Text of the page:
Yesterday, I posted about recent research findings on weight-loss and diabetes done by researchers at Britain’s Newcastle University. In the study, 11 patients who had developed Type 2 diabetes later in life were put on a doctor-supervised 600-calorie-per-day diet, which included “a special diet drink” and non-starch vegetables. After eight weeks on the diet, the patients showed no signs of diabetes, and three months after returning to a normal diet, seven remained completely free of the disease. Not surprisingly, all of this has led to questions about whether 600 calories a day is really safe and, if so, what the diet would look like.
Obviously, there are safe and unsafe ways to restrict calories. Consuming nothing but sugar-free jello and chicken broth isn’t a good idea. And embarking on a massively restricted diet (no matter how nutritionally sound) for any length of time without consulting a doctor or nutritionist could be dangerous. But when supervised by a doctor or qualified professional, and sticking to a nutritionally-balanced diet made up mostly of low-cal vegetables, severe calorie restriction can be done safely (in fact, there’s some evidence that a degree of calorie restriction can improve longevity).
In the British study, patients consumed:
- A liquid diet formula called Optifast. It’s a product of Nestlé Nutrition that’s made up of 46.4 percent carbohydrate, 32.5 percent protein and 20.1 percent fat, along with other vitamins and minerals.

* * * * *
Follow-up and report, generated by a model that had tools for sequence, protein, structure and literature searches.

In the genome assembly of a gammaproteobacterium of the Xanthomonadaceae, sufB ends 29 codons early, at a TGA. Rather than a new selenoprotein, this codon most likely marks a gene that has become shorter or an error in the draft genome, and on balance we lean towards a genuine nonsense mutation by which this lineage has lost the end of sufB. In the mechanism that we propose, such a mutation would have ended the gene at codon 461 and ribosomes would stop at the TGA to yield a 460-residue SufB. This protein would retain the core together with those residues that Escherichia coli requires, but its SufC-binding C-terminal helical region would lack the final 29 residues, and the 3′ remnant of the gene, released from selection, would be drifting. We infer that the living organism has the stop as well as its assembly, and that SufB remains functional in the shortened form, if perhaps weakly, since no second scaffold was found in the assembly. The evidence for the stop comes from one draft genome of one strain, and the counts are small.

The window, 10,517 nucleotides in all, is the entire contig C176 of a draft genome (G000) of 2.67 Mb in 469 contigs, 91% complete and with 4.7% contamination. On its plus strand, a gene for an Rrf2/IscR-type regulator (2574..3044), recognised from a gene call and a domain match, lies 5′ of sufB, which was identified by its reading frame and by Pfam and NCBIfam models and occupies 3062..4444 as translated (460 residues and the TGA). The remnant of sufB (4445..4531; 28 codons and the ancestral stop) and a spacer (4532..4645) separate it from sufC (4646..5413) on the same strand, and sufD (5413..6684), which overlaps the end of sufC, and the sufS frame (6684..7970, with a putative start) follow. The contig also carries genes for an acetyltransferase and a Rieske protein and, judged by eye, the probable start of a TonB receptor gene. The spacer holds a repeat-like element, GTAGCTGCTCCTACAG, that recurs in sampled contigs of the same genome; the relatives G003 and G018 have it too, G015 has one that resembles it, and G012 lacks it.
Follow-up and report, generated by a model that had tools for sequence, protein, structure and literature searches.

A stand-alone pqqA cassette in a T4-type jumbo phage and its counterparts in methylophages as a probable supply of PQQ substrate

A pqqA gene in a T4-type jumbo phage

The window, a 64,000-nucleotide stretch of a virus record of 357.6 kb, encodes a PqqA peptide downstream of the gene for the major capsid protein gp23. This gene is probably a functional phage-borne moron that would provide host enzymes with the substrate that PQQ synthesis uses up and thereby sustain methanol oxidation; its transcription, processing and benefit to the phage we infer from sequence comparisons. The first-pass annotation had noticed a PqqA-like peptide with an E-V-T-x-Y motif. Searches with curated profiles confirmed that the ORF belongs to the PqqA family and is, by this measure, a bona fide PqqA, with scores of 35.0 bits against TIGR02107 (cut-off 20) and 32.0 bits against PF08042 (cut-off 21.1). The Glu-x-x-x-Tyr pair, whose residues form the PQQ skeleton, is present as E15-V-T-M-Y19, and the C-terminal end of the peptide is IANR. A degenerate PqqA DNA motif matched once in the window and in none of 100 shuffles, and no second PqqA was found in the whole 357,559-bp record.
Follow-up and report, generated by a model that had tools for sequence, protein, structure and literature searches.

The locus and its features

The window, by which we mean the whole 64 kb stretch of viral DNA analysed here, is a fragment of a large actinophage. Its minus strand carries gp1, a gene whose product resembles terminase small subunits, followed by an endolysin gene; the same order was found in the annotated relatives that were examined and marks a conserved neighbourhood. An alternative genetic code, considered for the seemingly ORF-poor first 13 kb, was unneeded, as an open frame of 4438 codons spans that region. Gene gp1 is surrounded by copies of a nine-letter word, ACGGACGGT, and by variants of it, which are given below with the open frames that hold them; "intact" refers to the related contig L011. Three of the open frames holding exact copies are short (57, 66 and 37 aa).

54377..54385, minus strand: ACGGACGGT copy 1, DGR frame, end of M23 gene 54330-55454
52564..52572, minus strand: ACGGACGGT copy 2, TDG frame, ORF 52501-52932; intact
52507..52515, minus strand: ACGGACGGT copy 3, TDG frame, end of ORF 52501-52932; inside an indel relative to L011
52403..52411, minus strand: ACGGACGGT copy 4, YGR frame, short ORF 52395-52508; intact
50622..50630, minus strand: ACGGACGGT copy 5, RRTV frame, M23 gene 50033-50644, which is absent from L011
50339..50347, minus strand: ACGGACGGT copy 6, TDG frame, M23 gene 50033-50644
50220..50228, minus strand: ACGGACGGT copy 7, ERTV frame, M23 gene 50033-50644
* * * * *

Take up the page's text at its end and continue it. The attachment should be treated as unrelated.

- Non-starchy vegetables. The diet drink was supplemented with three portions per day of non-starchy vegetables (common non-starchy veggies include beets, broccoli, bean sprouts, carrots, cauliflower, celery, cucumber, eggplant, mushrooms, peas, salad greens, summer squash, Swiss chard and zucchini).
Patients were also encouraged to drink at least two liters of water each day, and “maintain their habitual level of physical activity.”
Gordon Parmley, 67, was one of the patients involved. Parmley was diagnosed with Type 2 diabetes six years ago. “When my doctor mentioned the trial I thought I would give it a go as it might help me and other diabetics,” he said in a Newcastle University press release.
When my doctor mentioned the trial I thought I would give it a go as it might help me and other diabetics. I came off my tablets and had three diet shakes a day and some salad or vegetables but it was very, very difficult and I’m not sure I’d have done it without the support of my wife who went on a diet alongside me. At first the hunger was quite severe and I had to distract myself with something else – walking the dog, playing golf – or doing anything to occupy myself and take my mind off food, but I lost an astounding amount of weight in a short space of time. At the end of the trial, I was told my insulin levels were normal and after six years, I no longer needed my diabetes tablets. Still today, 18 months on, I don’t take them. It’s astonishing really that a diet – hard as it was – could change my health so drastically.
Would you be willing to go on diet shakes and vegetables to rid yourself of diabetes or any other disease?